There is also no equivalent argument in simple dilemma. But note that if we substitute nonM for N in the one above, we obtain something akin to it: if M, then {P and nonQ}, and if nonM, then {nonP and Q}; but either M or nonM; hence, either P or Q. This is not really simple dilemma because the antecedents are not identical; but there is a resemblance, in that only three theses are involved. Also, the minor premise here is redundant, since formally true, so the conclusion may be viewed as an eduction from the compound major premise.

Also note, simple and complex dilemmas may consist of more than two
horns. The following are examples of *multi-horned*
simple dilemma:

Constructive:

If B and/or C and/or D… is/are true, then A is true

but B and/or C and/or D…etc. is/are true

therefore A is true.

Destructive:

If A is true, then B and C and D …etc. are true

but B and/or C and/or D…etc. is/are false

therefore A is false’.

Similarly with other sorts of arrays. This shows that we can view the horns of dilemmas as forming a single hypothetical proposition whose antecedent and/or consequent is/are conjunctive or disjunctive. It follows that simple and complex dilemma should not be viewed as essentially distinct forms of argument; rather, simple dilemma is a limiting case of complex dilemma, the process involved being essentially one of purging our knowledge of extraneous alternatives.

The commonly employed form *‘Whether
P or Q, R’* is normally understood as an abridged simple constructive
dilemma, meaning ‘If P, then R, and if Q, then R, but P and/or Q, hence R
anyway’. However, we should be careful with it, because in some cases we intend
it to dissociate R from P and Q, meaning ‘If P not-then R, and if Q not-then R,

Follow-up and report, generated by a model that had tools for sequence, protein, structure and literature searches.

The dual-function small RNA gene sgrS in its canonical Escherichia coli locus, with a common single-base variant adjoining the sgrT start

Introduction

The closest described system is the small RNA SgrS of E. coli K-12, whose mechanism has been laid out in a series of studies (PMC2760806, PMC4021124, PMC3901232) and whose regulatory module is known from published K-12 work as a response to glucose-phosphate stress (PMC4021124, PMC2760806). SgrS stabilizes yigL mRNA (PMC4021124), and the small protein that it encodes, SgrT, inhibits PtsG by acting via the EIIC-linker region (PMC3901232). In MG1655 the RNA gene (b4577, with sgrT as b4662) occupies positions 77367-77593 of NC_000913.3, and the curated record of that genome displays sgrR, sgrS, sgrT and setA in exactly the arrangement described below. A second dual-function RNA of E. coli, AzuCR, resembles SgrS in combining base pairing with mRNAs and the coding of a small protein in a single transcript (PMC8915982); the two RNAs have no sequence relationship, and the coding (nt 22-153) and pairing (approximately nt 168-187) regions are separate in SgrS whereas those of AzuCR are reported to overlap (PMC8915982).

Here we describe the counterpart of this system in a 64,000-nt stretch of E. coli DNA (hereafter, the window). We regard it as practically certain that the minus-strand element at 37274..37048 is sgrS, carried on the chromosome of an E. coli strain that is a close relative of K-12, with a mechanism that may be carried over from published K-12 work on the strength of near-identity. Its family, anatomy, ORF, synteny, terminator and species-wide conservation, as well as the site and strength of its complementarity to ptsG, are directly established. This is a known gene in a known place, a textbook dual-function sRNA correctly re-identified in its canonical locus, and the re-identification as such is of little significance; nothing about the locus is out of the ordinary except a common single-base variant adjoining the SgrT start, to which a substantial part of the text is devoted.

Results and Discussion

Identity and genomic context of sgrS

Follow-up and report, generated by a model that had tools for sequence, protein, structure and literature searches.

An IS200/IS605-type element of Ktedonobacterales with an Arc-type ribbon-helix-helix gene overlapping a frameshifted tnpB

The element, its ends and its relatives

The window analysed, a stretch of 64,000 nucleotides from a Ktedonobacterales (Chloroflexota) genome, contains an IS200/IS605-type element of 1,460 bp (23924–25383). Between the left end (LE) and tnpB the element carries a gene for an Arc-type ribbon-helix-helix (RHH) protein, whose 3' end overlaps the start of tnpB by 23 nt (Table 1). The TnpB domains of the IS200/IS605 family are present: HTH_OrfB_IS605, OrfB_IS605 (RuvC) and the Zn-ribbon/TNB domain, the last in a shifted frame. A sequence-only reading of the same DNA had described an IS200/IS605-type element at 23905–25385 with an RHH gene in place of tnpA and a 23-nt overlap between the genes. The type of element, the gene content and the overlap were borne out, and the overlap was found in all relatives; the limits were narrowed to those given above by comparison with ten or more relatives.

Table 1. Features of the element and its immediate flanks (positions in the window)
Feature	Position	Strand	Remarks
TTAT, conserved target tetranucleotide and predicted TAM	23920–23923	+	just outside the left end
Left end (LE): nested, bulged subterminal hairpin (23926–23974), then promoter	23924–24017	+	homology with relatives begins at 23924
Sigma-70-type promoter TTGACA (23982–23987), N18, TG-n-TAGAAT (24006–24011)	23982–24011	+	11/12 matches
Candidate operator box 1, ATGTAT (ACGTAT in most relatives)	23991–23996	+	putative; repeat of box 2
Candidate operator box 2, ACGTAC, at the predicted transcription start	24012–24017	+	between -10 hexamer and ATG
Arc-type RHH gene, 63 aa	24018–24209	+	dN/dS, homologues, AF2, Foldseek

but R’. Note well the difference. In the former case, the independence is an
outcome of multiple dependence; in the latter case, the independence signals
lack of connection.

Dilemma, especially its ultimate, simple version, is a very significant
form of reasoning, in that *it is capable
of yielding factual results from purely problematic theses* (implicit in
hypotheticals or disjunctives). Like the philosopher’s stone of the alchemist,
it turns lead into gold. Without this device, knowledge would ever be
conjectural, a mass of logically related but unresolvable problems.

Note however that the conclusion of a simple dilemma is still, logically, only factual in status. A thesis only acquires the status of logical necessity or impossibility, when it is implied or denied by all eventualities; this means, in dilemma, when the exhaustiveness of the alternatives in the premises is itself logically incontingent (rather than a function of the present context of knowledge). The significance of this will become more transparent as we proceed further, and deal with paradoxical logic.

The so-called ‘*equally cogent* rebuttal’ is a special case of dilemma, worthy of
analysis in this context. It happens in debate that a seemingly cogent dilemma
may be rebutted by a seemingly equally cogent dilemma.

a. With regard to complex dilemma, though the arguments are indeed equally cogent, the impression of ‘rebuttal’ is illusory, due to a misconception of the opposition between the conclusions.

If M, then P — and — if N, then Q

but M and/or N

hence, P and/or Q

If P, then M — and — if Q, then N

but not M and/or not N

hence, not P and/or not Q

Clearly, the major premises are compatible; taken together, they signify two reciprocal subjunctions. The minor premises are also compatible, since they mean, respectively, ‘if nonM, then N’ and ‘if not nonM, then nonN (i.e. if M, then nonN)’; taken together, they signify contradictive disjunction between M and N.

Likewise, for the conclusions: they are not inconsistent with each other, but taken together mean that P and Q are contradictory. So in fact the two dilemma do not exclude each other, it is formally quite possible for them to be both true. If indeed all the propositions involved are true, they merely together constitute a compound dilemma which is quite valid.

We seem to be faced with equally cogent arguments yielding conflicting conclusions, but this is an erroneous impression, because in fact the conclusions are consistent. They may seem to conflict, because they refer to contradictory theses, P and Q, nonP and nonQ; but the disjunctive way in which these theses are connected, makes the conclusions complementary, rather than inconsistent.